Written By Justin on Friday, March 11, 2011 | 8:11:00 PM
Was there a more tired phrase than "England's Goalkeeper Crisis" leading into and following the 2010 World Cup? In truth, even before Rob Green's howler against the United States, England haven't been in the best of shape between the sticks since David Seaman was in his prime. The emergence of Joe Hart has suggested that better days lie ahead -- but it may never again be as good as it once was.
Throughout the 1970s, Ray Clemence of Liverpool and Peter Shilton of Nottingham Forest took turns holding down the England number one shirt. What made their rivalry compelling was that they were more different than similar: Clemence was willowy and easygoing, Shilton burly and intense. Clem played off his line, came for more crosses and, especially, balls over the top, acting as one of the first keeper-sweepers world football had seen. Shilts was more of a line keeper, a shot stopper, but what a shot stopper he was. They maintained their friendly rivalry through the decade, but the balance tipped permanently in Shilton's favor when, in 1982, Ron Greenwood gave him the nod at the World Cup in Spain.
Shilton went on to play and play well in the next two World Cups. Even as late as Italia '90, some English observers still considered him the best goalkeeper in the world (though by then he almost certainly wasn't, with the likes of Hans Van Breukelen, Jean-Marie Pfaff, and Rinat Dasaev in their primes). Clemence had retired after injury in 1988.
Shilton, then, made the final and lasting impression, and today most casual fans remember him as the better goalkeeper. While he carried on well into his forties with a number of lower-division clubs, chasing (and finally catching) his 1,000th league appearance, Clem immediately joined the Spurs coaching staff upon retirement. He worked his way into the England setup and remains a member of the backroom staff today, though he was replaced as goalkeeper coach by Franco Tancredi in 2007.
There is no question that both men were among a small handful of the world's best goalkeepers for years. So what was it that made them stand out?
Shilton was a ferocious trainer. In that respect he was ahead of his time, pushing himself on the training ground while most of his teammates were already tucking into their third pint after lunch. There's a story that a German team, in Nottingham for a preseason friendly, stopped by to watch the Forest players go through their paces. The German keeper was invited to take part in the session. Watching Shilton fling himself across his goal again and again, working to the point of collapse, he politely declined. Shilton was motivated by a simple and very clear goal: to be the best goalkeeper in the world. For a long period of the 1970s and early 80s, he may have been just that.
Clemence was more sanguine in both personality and style, befitting his responsibilities behind a rock-solid Liverpool back four. He often went long periods of games with nothing to do, then had to make a late save to preserve two crucial points. Wanting to stay involved in games in which he was otherwise only a spectator, he began to position himself further off his line than was the norm for the time, helping popularize the 'sweeper-keeper' role which became common in later years. Despite his lithe frame, he was brave, quick to challenge for crosses in crowded penalty boxes. This was during the era of the "classic" English center forward: the likes of Paul Mariner, Joe Jordan, and Frank Stapleton, big strong men who thrived on balls played into the box. Clemence's agility allowed him to claim crosses without taking a physical battering.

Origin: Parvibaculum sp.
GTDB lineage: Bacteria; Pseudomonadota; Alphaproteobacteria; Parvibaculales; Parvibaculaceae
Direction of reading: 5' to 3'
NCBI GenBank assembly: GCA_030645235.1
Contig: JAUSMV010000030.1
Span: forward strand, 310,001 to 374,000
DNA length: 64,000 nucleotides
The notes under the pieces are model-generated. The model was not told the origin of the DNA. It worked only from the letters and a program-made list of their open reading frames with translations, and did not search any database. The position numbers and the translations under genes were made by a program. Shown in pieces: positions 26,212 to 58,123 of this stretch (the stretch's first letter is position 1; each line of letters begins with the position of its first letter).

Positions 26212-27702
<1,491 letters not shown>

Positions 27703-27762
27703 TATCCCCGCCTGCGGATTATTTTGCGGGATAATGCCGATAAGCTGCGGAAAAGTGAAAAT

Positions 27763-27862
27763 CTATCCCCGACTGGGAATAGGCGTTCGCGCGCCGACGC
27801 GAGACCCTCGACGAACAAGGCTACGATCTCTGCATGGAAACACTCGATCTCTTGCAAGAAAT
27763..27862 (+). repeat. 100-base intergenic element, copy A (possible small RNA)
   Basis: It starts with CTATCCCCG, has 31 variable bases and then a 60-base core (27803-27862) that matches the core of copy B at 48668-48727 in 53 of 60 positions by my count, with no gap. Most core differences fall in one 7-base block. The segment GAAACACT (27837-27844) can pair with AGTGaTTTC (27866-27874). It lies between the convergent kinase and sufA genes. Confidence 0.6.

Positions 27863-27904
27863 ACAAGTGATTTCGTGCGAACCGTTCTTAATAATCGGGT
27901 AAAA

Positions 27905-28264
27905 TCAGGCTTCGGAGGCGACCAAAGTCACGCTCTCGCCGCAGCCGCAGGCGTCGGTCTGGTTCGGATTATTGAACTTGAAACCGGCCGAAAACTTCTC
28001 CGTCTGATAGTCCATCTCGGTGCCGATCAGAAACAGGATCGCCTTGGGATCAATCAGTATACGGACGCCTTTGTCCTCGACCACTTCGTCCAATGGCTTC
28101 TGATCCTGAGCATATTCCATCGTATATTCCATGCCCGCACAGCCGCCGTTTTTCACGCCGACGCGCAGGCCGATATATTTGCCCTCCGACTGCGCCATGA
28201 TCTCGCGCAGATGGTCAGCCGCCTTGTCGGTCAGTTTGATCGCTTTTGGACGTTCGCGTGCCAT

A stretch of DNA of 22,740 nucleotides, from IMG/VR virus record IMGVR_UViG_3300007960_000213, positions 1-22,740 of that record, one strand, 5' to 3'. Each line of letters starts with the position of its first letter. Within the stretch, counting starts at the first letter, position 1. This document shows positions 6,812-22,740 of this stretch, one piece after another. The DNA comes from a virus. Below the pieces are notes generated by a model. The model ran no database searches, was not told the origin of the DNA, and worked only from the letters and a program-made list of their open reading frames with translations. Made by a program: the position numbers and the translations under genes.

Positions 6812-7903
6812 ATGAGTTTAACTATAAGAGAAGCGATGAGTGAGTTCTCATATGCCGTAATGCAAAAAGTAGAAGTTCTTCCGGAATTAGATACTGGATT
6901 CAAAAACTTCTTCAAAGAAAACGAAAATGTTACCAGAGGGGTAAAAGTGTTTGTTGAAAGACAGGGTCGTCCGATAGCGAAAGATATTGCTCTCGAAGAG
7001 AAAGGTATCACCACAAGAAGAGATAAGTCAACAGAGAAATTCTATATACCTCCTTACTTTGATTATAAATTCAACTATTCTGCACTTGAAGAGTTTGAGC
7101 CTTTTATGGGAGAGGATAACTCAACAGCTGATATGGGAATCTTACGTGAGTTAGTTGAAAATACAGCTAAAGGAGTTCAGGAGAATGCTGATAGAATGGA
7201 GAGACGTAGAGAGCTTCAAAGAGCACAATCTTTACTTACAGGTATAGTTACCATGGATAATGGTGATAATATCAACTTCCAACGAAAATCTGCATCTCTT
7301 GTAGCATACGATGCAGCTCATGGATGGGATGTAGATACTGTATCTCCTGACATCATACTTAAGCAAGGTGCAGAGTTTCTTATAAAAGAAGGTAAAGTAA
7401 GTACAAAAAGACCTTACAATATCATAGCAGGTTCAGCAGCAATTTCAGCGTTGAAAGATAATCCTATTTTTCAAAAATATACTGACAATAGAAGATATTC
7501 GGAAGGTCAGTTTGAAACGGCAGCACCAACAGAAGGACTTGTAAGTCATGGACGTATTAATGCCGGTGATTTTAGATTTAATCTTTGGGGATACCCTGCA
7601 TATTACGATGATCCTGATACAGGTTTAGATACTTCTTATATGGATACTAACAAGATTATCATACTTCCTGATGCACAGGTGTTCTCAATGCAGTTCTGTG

Crucially, both Clemence and Shilton challenged for and won everything there was to win in the club game, which meant they were more than ready for the stage of international football. If there's one thing lacking in the current crop of English goalkeepers, it is this. Who among Rob Green, Joe Hart, and Ben Foster has played in the run-in to a league title, or an away leg of a European Cup semifinal? There is a chance, given City's newfound wealth, that Hart could find himself in just such a scenario next season. It would be greatly to England's benefit.
The nature of goalkeeping being what it is, they are also both remembered for one giant clanger apiece: Clemence for allowing a tame Kenny Dalglish shot to slip through his legs in an England-Scotland match, and Shilton for diving over a shot from Poland's Jan Domarski in a crucial World Cup qualifier. Such moments haunt every keeper, and Shilton, especially, had to work hard to make people forget his, since it cost England a spot in the 1974 World Cup. It's a testament to his ability and dedication that within a few years of that mistake, he was considered the most valuable member of Forest's consecutive conquests of Europe.
Any discussion of the merits of Shilton and Clemence leads to debate. Choosing between them is like choosing between Ferrari and Maserati, but I don't mind admitting that I've always preferred Ray Clemence. Shilton was a phenomenal shot-stopper, among the very best ever, but I found Clem's game just that little bit more complete. I like goalkeepers who come for crosses as a matter of course, reliably and predictably. Though Shilton has a trophy collection any pro would be proud of, Clemence was the most successful goalkeeper of his era. My reasons are also personal, though. I wrote Clem a fan letter when I was a kid, and he promptly wrote back. When you're a kid, it doesn't take much more than that.